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Adaptations of the Emu

Updated July 19, 2017

The emu is a large, flightless bird native to Australia. Emu, like all animals, have evolved to suit their environment–in this case, the grasslands and forests of Australia. Over time, they have developed several adaptations which help them survive, including their large size, speed, long necks, sharp beaks, colouring, and a specialised two-eyelid vision adaptation.

Size

Measuring between 5 and 6.5 feet (1.5 to 2 meters) tall and weighing up to 59 Kilogram (60 kilograms), the emu is the second largest bird in the world, after the African ostrich. The emu's large size is an adaptation which helps them overcome their flightlessness, because being larger makes them more difficult for predators to take down.

Speed

An emu's specialised pelvic muscles are what allow them to run very fast, reaching speeds of up to 30 miles per hour. This speed is another adaptation which helps them escape from predators without flying. Being faster means that it is more difficult for single predators to hunt an emu down. Pack predators, however, have a much easier time outmanoeuvring emu.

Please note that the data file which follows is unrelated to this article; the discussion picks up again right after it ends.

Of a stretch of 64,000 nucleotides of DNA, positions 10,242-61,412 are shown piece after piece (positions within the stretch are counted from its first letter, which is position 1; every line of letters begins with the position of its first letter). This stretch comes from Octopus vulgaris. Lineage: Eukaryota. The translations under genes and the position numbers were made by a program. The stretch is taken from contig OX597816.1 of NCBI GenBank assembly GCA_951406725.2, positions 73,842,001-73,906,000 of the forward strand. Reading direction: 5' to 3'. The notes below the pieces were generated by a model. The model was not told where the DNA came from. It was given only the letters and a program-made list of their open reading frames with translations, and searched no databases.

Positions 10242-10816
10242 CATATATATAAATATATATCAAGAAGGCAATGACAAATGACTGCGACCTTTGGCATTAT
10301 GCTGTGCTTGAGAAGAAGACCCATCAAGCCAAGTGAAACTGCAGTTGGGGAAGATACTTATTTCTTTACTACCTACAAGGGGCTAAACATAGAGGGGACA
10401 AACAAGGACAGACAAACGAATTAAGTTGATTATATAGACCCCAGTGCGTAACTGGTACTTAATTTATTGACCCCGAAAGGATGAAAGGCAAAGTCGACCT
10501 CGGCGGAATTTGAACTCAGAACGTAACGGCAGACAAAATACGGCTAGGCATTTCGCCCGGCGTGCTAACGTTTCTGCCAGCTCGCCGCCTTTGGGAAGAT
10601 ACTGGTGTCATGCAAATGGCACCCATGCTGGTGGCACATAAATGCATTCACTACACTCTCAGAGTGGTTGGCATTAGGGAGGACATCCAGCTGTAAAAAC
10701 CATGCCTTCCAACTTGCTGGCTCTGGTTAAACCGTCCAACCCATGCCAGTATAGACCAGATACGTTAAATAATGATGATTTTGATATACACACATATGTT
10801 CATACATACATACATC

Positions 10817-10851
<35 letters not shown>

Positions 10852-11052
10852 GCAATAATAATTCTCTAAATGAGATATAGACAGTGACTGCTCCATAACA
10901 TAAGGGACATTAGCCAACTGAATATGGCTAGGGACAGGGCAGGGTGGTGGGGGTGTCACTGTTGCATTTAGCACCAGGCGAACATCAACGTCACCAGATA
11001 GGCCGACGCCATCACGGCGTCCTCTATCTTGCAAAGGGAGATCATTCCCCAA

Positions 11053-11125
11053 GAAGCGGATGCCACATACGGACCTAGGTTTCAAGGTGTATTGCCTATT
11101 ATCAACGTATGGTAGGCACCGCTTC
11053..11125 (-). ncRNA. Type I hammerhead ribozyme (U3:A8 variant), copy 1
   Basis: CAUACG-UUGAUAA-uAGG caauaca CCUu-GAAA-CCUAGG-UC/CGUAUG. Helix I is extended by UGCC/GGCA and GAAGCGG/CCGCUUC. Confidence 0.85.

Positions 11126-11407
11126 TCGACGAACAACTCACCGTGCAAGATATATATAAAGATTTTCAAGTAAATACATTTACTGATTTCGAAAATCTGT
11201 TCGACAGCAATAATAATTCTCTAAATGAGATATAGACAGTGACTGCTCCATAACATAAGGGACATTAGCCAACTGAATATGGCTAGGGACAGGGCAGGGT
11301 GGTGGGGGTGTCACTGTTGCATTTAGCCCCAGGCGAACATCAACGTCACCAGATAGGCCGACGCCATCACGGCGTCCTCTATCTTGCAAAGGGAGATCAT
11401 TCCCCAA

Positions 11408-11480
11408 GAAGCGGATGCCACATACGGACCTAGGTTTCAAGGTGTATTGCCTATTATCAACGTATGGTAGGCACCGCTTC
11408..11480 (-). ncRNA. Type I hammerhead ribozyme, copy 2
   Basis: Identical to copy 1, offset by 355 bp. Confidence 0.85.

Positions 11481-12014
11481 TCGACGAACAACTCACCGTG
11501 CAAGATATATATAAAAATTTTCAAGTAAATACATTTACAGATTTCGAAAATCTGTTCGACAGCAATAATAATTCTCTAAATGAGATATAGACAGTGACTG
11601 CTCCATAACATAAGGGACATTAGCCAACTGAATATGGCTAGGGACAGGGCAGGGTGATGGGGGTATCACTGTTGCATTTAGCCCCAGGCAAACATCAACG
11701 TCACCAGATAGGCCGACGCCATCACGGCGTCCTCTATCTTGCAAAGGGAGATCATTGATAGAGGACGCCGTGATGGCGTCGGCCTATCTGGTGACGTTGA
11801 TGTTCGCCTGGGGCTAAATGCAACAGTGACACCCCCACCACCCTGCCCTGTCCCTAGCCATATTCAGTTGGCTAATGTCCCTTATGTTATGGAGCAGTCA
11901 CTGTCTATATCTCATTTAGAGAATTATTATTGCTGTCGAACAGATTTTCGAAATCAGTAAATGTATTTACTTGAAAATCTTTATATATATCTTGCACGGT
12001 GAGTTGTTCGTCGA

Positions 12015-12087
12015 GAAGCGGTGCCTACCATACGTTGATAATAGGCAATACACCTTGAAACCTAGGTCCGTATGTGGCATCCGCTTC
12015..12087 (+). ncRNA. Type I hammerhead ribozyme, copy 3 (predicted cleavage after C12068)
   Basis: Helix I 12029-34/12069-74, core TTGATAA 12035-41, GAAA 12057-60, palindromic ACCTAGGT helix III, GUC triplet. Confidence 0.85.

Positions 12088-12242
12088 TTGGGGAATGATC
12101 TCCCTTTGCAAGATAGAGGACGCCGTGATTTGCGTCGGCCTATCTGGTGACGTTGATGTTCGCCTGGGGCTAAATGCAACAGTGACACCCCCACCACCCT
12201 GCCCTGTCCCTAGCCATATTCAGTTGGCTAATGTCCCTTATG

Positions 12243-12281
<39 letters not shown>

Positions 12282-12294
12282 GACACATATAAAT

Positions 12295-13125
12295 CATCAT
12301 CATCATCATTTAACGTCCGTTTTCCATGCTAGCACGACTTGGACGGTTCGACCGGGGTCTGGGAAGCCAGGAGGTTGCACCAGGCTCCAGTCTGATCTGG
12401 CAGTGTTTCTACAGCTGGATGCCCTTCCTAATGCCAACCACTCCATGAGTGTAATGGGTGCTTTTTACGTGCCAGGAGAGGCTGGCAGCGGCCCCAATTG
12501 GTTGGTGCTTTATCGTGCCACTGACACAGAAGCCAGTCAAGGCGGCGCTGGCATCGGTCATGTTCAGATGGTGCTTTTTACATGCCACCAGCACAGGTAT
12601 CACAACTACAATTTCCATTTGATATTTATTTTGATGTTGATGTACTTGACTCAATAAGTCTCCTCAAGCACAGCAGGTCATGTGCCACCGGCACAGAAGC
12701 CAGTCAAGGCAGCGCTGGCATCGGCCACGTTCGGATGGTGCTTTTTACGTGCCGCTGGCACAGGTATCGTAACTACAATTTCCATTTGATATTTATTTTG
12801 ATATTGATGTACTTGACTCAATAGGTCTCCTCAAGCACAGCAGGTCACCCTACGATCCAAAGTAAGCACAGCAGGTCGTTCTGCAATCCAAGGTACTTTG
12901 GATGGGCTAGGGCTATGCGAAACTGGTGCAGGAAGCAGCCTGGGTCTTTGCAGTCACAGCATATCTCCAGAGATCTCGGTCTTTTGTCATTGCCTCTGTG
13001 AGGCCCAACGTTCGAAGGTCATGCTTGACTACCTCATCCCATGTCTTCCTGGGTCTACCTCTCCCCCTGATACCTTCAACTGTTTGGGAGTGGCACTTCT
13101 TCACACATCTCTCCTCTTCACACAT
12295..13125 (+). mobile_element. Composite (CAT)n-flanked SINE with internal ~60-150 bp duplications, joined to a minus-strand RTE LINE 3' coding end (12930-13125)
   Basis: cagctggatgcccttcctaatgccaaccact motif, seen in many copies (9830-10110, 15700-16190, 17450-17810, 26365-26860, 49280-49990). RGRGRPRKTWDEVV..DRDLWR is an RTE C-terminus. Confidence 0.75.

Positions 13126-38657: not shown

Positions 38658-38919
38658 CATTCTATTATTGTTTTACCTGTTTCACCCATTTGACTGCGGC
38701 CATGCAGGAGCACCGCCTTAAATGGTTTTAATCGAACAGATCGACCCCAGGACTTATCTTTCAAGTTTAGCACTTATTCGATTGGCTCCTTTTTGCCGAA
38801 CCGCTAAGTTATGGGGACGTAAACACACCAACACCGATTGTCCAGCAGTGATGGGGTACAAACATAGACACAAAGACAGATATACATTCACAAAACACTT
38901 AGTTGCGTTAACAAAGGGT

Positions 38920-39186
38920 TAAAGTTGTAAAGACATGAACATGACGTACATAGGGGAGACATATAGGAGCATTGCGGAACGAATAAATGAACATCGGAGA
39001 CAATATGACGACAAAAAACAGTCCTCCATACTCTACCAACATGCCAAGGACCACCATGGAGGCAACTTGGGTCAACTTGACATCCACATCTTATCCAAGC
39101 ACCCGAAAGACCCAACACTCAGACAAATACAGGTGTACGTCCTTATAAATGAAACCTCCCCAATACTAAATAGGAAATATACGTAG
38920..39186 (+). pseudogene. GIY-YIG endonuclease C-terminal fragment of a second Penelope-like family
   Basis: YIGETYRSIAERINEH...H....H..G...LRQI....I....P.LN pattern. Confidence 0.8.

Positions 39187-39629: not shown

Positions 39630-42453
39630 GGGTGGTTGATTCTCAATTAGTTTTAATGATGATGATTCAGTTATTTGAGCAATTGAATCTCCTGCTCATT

Necks

The emu's long neck is an adaptation which allows them to see over even the tallest grasses of the Australian grasslands, allowing them to see predators and other threats from far away.

Beaks

The emu's sharp beak is an adaptation which helps them spear and chew their food. Their diet consists of leaves, grass shoots, larvae and beetles. Their sharp beak is also useful in fending off predators when trapped, and in constructing nests for their mates out of bark, leaves, grass and twigs during the breeding season.

Colouring

The feathers on an emu's body are primarily light brown, an adaptation which allows them to blend in with their grassland environment. In addition, their feathers are light and soft, and move with the wind in the same manner as swaying grass. Because of this, they are able to blend in even more effectively.

Eyelids

An emu has two sets of eyelids–one for blinking and lubricating their eyes as humans do, and a second, transparent set of eyelids that keeps dust out of their eyes while they are running at high speeds. This adaptation has evolved so that they could see without damaging their eyes while they are running.

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About the Author

Based out of Minneapolis, Minn., Emily Zebrun began writing professionally in 2005. Since then, she has had a short story and five poems published in The College of St. Scholastica's literary magazine, "The Freshwater Review." She is earning a Bachelor of Science in biology at the College of St. Scholastica.